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One in 100 babies worldwide is born with a disease caused by a single gene, according to the World Health Organization. Two genetics companies—Counsyl and GoodStart Genetics—are now using low-cost sequencing as a way to provide a more comprehensive look at parents’ genes than has previously been available. The companies hope to better inform prospective parents about hidden single-gene diseases and potentially reduce their incidence.

Although most of these individual single-gene disease are rare, collectively they account for about 20 percent of infant deaths. When a disease gene is recessive, as is the case with sickle-cell anemia, Tay-Sachs, or cystic fibrosis, parents are unlikely to know they are carriers. If both parents carry a broken copy, they will have a 25 percent chance of having a child with the condition.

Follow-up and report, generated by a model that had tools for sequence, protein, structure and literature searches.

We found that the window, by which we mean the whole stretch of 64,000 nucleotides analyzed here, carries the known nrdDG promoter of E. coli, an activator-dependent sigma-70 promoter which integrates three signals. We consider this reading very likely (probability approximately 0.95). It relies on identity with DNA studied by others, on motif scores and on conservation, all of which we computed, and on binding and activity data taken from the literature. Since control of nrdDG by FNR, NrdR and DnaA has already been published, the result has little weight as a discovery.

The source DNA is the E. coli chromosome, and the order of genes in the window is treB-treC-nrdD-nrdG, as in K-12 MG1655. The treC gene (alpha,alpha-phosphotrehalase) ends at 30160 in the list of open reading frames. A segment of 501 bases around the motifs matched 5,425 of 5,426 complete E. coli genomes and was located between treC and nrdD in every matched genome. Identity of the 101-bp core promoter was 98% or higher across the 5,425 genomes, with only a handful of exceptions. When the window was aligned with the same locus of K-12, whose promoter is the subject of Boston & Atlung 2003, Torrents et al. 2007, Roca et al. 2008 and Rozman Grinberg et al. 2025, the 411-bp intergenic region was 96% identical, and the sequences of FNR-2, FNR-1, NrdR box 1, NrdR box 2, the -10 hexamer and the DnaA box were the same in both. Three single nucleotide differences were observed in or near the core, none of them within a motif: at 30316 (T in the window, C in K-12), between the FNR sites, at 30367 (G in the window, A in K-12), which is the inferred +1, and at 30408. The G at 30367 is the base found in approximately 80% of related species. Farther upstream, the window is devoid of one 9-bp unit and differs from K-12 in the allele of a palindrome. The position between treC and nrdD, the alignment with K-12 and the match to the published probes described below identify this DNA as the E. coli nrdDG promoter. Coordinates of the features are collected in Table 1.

Doctors do screen prospective or expecting parents for a handful of diseases, but these tests are limited. Traditionally, the tests look for specific mutations for a particular disease, while the condition could be caused by many different mutations that are passed from generation to generation. “Generally, these tests top out at around 100 mutations,” says Gregory Porreca, a co-founder and vice president of research and technology at GoodStart Genetics. The reason is that every additional mutation will add cost, but the problem is that disease-causing mutations can be missed. For example, a traditional cystic fibrosis test would miss out on hundreds of disease-causing mutations—Porreca says that about 550 disease-causing mutations in the cystic fibrosis gene have been reported in the scientific literature. “With sequencing, you can look for all of them,” he says.

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